American grocery stores are bracing for a German invasion.
Industry researchers say the US market is ripe for disruption, which is one reason two discount grocers from Europe—Lidl and Aldi—are preparing to double-down on their efforts to upend the world of US supermarkets.A couple months ago Supermarket News' headline was "Aldi, Lidl growth to spark industry change".
“We consider the US a nascent discount grocery market,” according to a new report by Boston Consulting Group. “Discounters have yet to establish a serious presence here and have a market share of less than 15%.”
With that sort of data in hand, Lidl is planning to open its first 20 stores in the US this year, in Virginia, North Carolina, and South Carolina, and expects to add another 80 locations in 2018. At the same time, Aldi is expected to ramp up its 1,300-store US presence to roughly 2,000 locations.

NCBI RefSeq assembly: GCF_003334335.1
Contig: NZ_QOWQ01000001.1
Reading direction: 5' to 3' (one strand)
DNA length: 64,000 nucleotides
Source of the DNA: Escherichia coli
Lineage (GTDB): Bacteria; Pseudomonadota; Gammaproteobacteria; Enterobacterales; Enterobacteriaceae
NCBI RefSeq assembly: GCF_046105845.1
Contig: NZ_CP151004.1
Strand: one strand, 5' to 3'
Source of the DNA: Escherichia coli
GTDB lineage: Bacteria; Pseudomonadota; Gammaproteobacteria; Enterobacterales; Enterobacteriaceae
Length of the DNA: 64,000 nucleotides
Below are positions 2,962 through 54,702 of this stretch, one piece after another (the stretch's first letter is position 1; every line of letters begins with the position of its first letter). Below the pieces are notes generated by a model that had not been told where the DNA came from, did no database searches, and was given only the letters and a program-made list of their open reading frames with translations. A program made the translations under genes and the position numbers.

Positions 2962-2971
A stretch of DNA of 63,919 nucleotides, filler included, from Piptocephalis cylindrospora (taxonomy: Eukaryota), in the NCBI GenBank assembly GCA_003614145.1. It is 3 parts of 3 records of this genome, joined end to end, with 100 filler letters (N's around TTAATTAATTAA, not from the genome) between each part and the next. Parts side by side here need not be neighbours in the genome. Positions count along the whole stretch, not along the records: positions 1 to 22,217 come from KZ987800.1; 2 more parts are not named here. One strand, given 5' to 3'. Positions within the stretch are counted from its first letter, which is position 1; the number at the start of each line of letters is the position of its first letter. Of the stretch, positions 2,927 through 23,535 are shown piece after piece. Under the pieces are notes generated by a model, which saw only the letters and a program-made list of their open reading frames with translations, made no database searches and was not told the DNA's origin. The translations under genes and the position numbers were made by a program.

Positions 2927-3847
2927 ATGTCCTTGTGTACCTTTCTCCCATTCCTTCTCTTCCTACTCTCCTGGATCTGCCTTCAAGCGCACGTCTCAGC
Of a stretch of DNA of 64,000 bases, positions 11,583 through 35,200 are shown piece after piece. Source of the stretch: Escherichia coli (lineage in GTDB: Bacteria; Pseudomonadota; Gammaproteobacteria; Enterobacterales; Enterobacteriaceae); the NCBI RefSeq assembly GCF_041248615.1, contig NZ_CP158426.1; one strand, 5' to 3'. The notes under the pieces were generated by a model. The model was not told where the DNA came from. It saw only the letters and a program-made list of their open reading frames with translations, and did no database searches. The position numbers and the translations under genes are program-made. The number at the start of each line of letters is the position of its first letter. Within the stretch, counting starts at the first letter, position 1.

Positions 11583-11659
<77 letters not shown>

That’s unsettling news for any US grocery chain but it comes at an especially vulnerable time for Whole Foods, which built its brand around quality products but also sky-high prices, and after a run weak sales has only just begun to get serious about competing on price. That battle would have been hard enough to fight against traditional US competitors, which in the meantime have been picking off Whole Foods customers by offering up similar selections—including organic produce—often at cheaper prices. Now it will have to contend with a new batch of rivals with a highly successful track record in other countries....MORE